Friday, July 28, 2006

The Truth Is Out There


As I told the blogger, this reminds me of something out of Close Encounters of the Third Kind. Love this story. And the movie, if you haven't seen it in awhile, is all time great.

Thursday, July 27, 2006

Aargh!



I saw that pirate movie Tuesday night, something I'd thought to avoid, but rather enjoyed watching Johnny Depp flip-flop about. He really is hilarious, though they could have cut out all the rest of the scenes, so far as I was concerned. Or they might simply have written him into each. That would have been alright with me and my bladder which, after two hours, was hardly content to abide the next twenty-five.

I think if I were Keira Knightley, I would have intentionally botched the big kiss scene over and over again, so that many many more takes would be required. Johnny Depp with kohl blackened eyes, a drunk gay affectation, gold teeth and dirty fingernails, is still Johnny Depp. Maybe even more alluring to get the shades of goofball when he's usually so unswervingly cool. As my previous (and straight, btw) roommate David once wrote, "He is the sexiest fucker alive; there is no female equivalent. He makes my gay nerve twitch."

Wednesday, July 26, 2006

Shocker du Jour

Homosexuals in Boy Bands? Someone bring me the smelling salts...

Tuesday, July 25, 2006

Sex Without Love

How do they do it, the ones who make love
without love? Beautiful as dancers,
gliding over each other like ice-skaters
over the ice, fingers hooked
inside each other's bodies, faces
red as steak, wine, wet as the
children at birth whose mothers are going to
give them away. How do they come to the
come to the come to the God come to the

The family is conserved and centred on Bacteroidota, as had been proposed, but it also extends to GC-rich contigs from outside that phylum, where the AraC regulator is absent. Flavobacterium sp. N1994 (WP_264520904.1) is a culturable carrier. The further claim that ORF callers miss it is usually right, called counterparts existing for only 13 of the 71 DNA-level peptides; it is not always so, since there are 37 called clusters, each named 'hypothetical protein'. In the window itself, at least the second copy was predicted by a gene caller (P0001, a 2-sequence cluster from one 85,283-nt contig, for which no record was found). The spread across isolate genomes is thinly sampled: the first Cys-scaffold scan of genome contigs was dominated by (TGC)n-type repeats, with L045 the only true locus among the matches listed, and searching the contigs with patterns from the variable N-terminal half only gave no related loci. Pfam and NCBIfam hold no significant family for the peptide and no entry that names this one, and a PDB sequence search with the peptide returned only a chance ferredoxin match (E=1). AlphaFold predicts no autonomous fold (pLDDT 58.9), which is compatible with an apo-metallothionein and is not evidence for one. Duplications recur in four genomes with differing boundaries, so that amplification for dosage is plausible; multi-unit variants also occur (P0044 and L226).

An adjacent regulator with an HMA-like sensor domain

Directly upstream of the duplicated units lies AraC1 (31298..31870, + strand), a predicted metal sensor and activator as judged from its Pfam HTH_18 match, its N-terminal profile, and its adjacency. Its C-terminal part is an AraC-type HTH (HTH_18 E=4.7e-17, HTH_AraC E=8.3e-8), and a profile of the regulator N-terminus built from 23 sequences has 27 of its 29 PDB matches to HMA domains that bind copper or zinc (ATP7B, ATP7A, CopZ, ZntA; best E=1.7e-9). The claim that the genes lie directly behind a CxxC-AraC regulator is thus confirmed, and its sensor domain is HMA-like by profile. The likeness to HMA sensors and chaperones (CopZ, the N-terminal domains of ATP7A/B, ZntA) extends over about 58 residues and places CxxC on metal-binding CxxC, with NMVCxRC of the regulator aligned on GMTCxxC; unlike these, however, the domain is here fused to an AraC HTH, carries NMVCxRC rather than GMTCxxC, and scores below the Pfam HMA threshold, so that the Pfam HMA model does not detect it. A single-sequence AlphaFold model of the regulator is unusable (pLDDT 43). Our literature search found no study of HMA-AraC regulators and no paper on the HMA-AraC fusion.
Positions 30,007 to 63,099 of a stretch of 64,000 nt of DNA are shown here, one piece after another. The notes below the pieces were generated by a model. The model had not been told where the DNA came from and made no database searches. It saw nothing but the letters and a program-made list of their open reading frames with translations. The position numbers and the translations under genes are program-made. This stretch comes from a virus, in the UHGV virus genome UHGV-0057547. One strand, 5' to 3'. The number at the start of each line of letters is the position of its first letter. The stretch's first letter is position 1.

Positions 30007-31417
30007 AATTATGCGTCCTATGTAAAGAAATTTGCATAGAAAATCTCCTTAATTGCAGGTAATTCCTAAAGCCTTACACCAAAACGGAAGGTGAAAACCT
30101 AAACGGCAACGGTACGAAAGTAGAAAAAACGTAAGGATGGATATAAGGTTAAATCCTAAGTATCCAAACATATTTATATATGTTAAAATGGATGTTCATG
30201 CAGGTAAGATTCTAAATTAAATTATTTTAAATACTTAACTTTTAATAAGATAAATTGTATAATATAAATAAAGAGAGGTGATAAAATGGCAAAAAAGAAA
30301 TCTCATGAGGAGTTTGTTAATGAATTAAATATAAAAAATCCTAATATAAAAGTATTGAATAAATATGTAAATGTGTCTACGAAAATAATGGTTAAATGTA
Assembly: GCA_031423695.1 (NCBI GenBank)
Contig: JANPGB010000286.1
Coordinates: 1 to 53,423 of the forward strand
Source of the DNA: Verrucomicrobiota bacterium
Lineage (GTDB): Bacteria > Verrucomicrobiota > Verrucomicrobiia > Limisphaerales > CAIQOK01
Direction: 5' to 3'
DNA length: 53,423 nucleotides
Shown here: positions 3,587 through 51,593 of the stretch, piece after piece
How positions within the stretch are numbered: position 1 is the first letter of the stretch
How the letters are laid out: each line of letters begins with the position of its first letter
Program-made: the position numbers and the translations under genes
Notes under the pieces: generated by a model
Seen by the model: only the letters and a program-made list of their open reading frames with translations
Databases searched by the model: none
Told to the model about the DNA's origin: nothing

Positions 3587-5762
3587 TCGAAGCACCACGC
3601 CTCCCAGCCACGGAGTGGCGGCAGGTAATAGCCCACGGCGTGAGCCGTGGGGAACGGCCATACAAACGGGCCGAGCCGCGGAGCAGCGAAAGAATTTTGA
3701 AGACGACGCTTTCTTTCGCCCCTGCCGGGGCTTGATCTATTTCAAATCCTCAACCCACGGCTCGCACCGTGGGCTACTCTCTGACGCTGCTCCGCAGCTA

still waters, and not love
the one who came there with them, light
rising slowly as steam off their joined
skin? These are the true religious,
the purists, the pros, the ones who will not
accept a false Messiah, love the
priest instead of the God. They do not
mistake the lover for their own pleasure,
they are like great runners: they know they are alone
with the road surface, the cold, the wind,
the fit of their shoes, their over-all cardio-
vascular health--just factors, like the partner
in the bed, and not the truth, which is the
single body alone in the universe
against its own best time.

- Sharon Olds

Monday, July 24, 2006

Sintax

I get so many viagra, penis enlargement, and otherwise sexually dysfunctional messages delivered to my yahoo bulk bin, that I have taken to calling it "bulk sin." Generally they get deleted without a second thought, but sometimes the subject line's to good to pass up. Today it was:

But now I can penetrate hardly and give the pleasure to every woman!


Of course the claim is both hugely ambitious and utterly feckless. I imagine the testimonial after using this product, "So, were you able to bang your mistress effectively?"

"Hardly!"

Here's the body of the message, in case you're curious:

Hello! Thousands of couples broke down because of them, making both
parties unhappy. Safe, efficient and covering all aspects, Extra-Time will
help you forget the premature nightmare. Don't let your partner leave
you because of being unhappy with the duration of your acts. Come in
here: "florexx." She just won't be able to leave you at
all! Be her number one forever! You'll have a huge crush on each other
again.


I don't know what the unidentified "them" is, but I always knew that "they" were behind it.